Friday, August 13, 2010

Say Goodbye

I watched The Blind Side last night on pay-per-view. It's one of those movies I wanted to see just because of its zeitgeist purity, but also dreaded seeing because of the zeitgeist subject matter: Southern upper-middle-class white family "saves" a homeless African American high school football player from the ghetto. Based on a true story no less.

But The Blind Side blindsided me. It has a big-hearted tenacity to it, and while it is completely sentimental, the sentimentality is rooted in the excitement caused by being a do-gooder even when no one asks you to. In fact, it's the last thing most people want you to do. This seems to be the drug Bullock's Leigh Anne Tuohy is on: she really digs doing the right thing especially when it mystifies and even pisses off her family and friends. Her altruism has a shock value she enjoys, and Bullock allows that renegade spirit to shine through the right-wing polish and make-up.

Bullock's stubbornness gives The Blind Side its grit. But Quinton Aaron's performance as Big Mike gives the movie its gravity. He emboldens the orphaned left-tackle with a spirit that flickers with tenderness and fury. He is comically scary at times in the movie -- pushing little girls in their swings on the Christian school playground kind of like Frankenstein -- but then there's the scene where he washes his t-shirt out in a laundromat sink and then sticks it in a dryer and sits, contemplating the quiet and the loneliness, but also somehow savoring it all too. Aaron's triumph is that he suffuses each of his scenes with that quiet, self-taught fierceness, and he produces not just a pathetic sweet figure, but a true hero.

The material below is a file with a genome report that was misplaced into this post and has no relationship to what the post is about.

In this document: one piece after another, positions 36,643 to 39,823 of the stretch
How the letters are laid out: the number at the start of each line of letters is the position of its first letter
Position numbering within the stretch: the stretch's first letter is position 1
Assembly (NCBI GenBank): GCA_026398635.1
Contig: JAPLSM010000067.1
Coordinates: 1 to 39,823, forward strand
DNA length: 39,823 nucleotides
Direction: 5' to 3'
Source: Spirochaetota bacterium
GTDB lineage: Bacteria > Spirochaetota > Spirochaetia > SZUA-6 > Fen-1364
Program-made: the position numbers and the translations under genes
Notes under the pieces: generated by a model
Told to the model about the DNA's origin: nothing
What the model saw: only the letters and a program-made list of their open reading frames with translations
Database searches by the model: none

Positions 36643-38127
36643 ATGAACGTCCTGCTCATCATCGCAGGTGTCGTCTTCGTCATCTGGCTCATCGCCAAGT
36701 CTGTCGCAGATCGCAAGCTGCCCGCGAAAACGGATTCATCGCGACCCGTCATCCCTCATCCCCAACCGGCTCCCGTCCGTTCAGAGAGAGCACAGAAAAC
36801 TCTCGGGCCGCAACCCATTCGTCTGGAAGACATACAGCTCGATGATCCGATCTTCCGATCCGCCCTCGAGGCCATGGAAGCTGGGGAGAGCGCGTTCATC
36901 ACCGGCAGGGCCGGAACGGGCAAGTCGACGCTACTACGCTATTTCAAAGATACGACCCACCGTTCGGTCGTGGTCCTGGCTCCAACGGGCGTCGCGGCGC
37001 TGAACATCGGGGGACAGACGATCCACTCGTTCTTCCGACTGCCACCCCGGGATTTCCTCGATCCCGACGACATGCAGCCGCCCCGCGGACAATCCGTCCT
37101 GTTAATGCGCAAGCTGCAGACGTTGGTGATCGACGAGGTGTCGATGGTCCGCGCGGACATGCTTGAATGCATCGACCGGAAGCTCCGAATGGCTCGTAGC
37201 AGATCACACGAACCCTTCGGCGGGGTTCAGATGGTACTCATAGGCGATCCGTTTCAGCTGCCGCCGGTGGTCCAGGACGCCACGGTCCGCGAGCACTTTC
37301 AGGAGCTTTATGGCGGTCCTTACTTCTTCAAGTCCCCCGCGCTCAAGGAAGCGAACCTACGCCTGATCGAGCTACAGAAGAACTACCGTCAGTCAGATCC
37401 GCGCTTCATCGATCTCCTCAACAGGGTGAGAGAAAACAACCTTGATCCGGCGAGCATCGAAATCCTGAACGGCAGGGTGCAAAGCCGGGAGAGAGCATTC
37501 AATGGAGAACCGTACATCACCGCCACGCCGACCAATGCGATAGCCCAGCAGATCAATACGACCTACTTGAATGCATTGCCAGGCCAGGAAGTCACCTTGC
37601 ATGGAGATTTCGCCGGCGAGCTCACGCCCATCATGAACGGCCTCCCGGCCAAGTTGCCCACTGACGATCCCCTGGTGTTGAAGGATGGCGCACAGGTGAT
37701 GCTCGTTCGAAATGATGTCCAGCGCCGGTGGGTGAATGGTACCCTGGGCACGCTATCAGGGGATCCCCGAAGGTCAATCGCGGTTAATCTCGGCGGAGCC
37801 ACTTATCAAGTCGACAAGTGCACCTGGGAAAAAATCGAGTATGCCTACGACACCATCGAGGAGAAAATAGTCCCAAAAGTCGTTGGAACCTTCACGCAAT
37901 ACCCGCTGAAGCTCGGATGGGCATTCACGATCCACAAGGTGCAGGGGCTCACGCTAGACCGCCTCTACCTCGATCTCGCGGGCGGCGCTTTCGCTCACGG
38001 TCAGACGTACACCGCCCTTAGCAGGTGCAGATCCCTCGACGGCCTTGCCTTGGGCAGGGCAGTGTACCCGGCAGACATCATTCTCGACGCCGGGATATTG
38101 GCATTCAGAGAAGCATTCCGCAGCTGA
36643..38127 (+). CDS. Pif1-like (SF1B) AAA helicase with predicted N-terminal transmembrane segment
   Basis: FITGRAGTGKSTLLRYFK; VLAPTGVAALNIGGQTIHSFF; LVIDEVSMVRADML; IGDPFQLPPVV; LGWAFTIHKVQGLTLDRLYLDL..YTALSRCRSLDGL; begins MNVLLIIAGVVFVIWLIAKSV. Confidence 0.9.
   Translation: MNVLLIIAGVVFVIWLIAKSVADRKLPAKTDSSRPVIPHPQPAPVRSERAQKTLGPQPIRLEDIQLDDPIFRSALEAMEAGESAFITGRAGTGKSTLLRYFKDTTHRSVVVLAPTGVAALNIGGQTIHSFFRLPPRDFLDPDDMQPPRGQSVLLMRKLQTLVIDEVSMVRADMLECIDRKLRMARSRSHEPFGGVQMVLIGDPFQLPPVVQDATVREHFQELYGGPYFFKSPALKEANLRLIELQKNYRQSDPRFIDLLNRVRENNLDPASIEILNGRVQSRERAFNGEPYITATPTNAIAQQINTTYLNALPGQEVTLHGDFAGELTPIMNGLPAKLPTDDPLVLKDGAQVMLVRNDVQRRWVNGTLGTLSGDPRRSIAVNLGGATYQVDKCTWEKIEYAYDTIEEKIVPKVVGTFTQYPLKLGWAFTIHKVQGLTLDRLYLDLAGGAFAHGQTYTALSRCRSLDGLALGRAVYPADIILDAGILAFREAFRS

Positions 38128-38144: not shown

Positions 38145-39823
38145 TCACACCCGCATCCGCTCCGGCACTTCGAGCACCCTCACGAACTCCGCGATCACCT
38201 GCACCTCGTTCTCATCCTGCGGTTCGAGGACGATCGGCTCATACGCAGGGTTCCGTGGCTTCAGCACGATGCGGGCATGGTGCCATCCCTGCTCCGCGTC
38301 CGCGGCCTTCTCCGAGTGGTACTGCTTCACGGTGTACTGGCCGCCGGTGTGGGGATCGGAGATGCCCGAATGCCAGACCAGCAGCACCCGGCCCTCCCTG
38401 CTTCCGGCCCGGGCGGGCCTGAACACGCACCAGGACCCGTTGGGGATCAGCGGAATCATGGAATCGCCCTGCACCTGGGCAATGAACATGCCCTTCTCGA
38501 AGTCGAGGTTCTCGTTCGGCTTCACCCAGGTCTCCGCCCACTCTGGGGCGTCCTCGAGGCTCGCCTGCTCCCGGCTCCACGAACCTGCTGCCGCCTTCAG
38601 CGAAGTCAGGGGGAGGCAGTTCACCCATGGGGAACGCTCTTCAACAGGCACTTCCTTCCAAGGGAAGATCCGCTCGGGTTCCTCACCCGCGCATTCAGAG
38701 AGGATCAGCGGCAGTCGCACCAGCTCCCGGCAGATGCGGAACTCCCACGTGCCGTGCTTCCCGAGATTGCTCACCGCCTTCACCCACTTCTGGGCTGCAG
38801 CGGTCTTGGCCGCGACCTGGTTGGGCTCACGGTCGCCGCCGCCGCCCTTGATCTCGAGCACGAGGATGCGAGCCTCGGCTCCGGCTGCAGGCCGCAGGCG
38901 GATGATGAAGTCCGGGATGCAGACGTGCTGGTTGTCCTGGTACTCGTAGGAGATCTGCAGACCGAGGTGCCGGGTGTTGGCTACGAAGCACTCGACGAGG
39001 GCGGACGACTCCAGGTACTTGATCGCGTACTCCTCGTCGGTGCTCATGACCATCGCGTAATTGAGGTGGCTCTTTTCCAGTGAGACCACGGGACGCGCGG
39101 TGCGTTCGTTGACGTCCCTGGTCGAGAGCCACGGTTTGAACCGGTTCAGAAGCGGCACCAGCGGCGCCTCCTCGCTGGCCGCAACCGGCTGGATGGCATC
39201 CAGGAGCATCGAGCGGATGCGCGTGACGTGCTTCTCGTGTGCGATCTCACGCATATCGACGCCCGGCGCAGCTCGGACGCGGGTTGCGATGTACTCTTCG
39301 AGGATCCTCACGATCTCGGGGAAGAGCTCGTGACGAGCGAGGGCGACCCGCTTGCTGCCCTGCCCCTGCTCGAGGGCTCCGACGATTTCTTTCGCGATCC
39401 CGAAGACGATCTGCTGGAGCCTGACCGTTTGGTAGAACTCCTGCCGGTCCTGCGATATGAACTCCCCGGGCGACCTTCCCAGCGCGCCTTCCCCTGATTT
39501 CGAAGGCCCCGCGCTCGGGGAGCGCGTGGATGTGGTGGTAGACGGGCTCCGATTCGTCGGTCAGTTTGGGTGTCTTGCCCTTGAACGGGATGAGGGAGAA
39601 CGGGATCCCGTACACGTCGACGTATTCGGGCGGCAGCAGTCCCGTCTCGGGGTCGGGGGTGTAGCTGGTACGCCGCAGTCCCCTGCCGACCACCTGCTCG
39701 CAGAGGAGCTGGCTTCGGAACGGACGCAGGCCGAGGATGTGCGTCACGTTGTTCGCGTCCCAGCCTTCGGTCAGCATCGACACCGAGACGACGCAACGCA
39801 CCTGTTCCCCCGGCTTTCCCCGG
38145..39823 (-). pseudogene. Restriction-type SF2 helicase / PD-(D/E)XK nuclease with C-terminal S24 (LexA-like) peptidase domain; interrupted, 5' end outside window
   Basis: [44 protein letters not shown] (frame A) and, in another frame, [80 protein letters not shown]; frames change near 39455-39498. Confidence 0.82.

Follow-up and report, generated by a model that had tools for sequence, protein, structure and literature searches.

The movie coalesces around what "heroism" is actually: Leigh Anne Tuohy's stubborn allegiance to her true feelings of generosity and kindness, and Michael Ohler's stubborn resourcefulness and intense need to succeed, even though he does not know exactly what that "success" means. Both characters' heroic natures come from their "outsiderness." That's the movie's structure: Big Mike, the ultimate outsider, in taken into the fold, but in the process Leigh Anne Tuohy begins to understand what it means to be "outside" of her own privilege and class. The journey she's taking is pretty cushy of course, and it pales in comparison to the strife and struggle involved in Big Mike's transformation from homeless orphan to college student to pro-football recruit, but still the plot of The Blind Side pivots on the connection the two of them make, and the benefits of being outside of what's normal in order to eventually find a way to be sane.

This narrative of the insider becoming the outsider in order to allow the outsider in is a direct descendant of the plot to a movie that came down the pike in 1994. Also based on a true story, and a play before it was turned into a film by Fred Schepisi and playwright John Guare, Six Degrees of Separation stars Stockard Channing as Louisa Kittregde, a Manhattan socialite who is conned by Will Smith's Paul, an African American homeless gay man who craves insider status so bad he feigns injury and risks everything to become a part of Louisa's elegant, elite universe.

Will Smith's performance in Six Degrees is both vulnerable and vengeful; a beautiful blend of resentment, envy and love registers in just about every move he makes, and those moves in turn are watched by Louisa with an intense interest and yearning. Stockard Channing's Louisa, like Bullock's Leigh Anne, is a stylish, head-strong dame who stumbles upon a new identity, and new meaning, by empathizing with someone totally outside of her realm. It's an act of imagination really, a creative exercise in which Louisa re-creates herself by finding Paul's desire within herself.